Stiff public opposition has forced a proposed Morris Street storage facility onto the shelf. So the developer will try for a four-story apartment building instead.
Hampshire Realty is scheduled to pitch its revamped redevelopment plan to the Morristown Council this Thursday, Dec. 12, 2018, at 7 pm.
Separately, the council is likely to approve another company’s plans for 89 apartments behind the Morristown train station.
Residents packed several meetings to oppose Hampshire’s 100,000-square-foot self-storage center, proposed in 2016 as a five-story structure at 175 Morris St. that would have an artist studio attached.
Critics opposed the aesthetics and scale of the Morris Street project, and raised questions about traffic and crime problems.
Hampshire now will seek approvals for a four-story building with apartments on the top three floors, above a parking area with retail spaces, town Planner Phil Abramson said on Tuesday. The art studio is gone, he said.
The developer has indicated the density would be consistent with adjacent redevelopment projects on Morris Street and Ford Avenue, according to Abramson.
Precise numbers were not available. But based on those two neighboring developments, that density would appear to fall between 80- and 85 apartments, depending on how many affordable units are mandated.
Frank Vitolo, the attorney representing Hampshire, could not be reached for comment.
“We’re looking forward to seeing what they have to offer…and to a good discussion with the project developer,” said Mayor Tim Dougherty.
Councilman Robert Iannaccone, whose First Ward includes Morris Street, said he has questions about the density of the retooled project.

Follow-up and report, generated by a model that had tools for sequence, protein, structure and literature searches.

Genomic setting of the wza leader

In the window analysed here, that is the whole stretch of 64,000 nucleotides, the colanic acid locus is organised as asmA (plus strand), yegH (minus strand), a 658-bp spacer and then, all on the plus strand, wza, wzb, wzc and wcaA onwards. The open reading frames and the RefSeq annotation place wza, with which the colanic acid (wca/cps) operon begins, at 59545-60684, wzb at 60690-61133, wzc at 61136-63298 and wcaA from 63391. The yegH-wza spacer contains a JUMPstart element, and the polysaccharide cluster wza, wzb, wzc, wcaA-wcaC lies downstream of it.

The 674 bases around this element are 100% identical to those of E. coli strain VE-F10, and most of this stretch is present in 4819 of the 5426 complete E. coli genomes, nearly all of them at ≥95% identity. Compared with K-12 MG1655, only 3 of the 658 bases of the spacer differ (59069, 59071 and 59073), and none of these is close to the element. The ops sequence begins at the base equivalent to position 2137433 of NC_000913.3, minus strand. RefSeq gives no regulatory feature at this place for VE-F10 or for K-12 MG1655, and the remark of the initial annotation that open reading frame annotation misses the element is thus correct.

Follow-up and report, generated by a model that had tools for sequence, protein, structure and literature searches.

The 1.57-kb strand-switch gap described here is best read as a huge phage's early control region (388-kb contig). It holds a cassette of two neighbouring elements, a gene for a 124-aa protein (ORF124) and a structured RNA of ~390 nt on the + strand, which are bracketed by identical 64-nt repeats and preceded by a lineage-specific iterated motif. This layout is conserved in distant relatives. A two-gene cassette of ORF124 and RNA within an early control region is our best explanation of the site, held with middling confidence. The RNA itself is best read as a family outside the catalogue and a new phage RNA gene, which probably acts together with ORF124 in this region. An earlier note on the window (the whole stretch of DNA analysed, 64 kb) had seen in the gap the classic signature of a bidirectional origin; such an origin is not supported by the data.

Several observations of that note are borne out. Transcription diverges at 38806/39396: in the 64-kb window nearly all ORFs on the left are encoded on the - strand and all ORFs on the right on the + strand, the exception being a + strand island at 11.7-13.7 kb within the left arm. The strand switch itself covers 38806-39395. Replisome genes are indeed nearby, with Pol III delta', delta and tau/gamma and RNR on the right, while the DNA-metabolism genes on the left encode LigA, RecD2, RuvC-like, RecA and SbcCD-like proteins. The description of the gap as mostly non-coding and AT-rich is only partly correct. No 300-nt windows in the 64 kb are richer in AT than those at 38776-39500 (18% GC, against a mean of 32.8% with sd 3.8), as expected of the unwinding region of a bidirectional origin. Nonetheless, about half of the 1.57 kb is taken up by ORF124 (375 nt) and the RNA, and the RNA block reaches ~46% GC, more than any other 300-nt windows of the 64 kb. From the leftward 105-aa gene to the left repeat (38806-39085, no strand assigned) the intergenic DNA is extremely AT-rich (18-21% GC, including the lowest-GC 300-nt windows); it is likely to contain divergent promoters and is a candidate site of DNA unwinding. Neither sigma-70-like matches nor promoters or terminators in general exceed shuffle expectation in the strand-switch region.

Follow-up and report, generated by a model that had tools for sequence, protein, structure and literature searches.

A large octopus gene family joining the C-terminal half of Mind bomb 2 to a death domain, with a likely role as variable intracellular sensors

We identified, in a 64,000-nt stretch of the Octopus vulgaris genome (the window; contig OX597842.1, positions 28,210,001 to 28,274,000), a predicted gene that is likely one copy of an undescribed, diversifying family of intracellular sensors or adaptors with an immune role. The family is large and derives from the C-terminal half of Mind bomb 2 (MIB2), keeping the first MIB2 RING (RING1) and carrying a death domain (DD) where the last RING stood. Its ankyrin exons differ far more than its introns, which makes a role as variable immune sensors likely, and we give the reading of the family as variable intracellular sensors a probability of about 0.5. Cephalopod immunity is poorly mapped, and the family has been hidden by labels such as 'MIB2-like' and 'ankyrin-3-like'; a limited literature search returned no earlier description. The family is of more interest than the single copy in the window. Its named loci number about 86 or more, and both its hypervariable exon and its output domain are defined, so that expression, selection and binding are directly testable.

He expressed hopes for a coffee shop or diner on the ground level, and praised a “good community effort” for rebuffing the storage plans.
One issue to be explored is whether any environmental cleanup is required, Abramson acknowledged. The site formerly housed an oil company and an auto repair shop. During the storage project discussions there were mentions of possible contamination from a nearby gas station.
Morristown’s recent zoning code update allows for mixed-use residential development on Morris Street, Abramson said. The planner emphasized that Thursday’s presentation is simply intended as a first look for the council, which doubles as the town redevelopment agency.
“It’s preliminary, to see if the council is interested” in the project, Abramson said.
Hampshire has hired a new architectural firm, Minervini and Vandermark of Hoboken, to design the apartments, he noted.
Meanwhile, the council appears poised to give the green light to Bijou Properties of Hoboken to erect an L-shaped, five-story apartment / retail complex behind the train station, on a 1.75-acre parking lot it intends to buy from the Morristown Parking Authority.
The council gave its preliminary nod to the venture by a 5-0 vote last month, though some concerns were expressed about parking, disruptions to neighboring businesses, and the safety of pedestrians crossing busy Lafayette Avenue.
Dougherty said he looks forward to working with the council and the builder to make the train station apartments “a signature destination for our downtown.”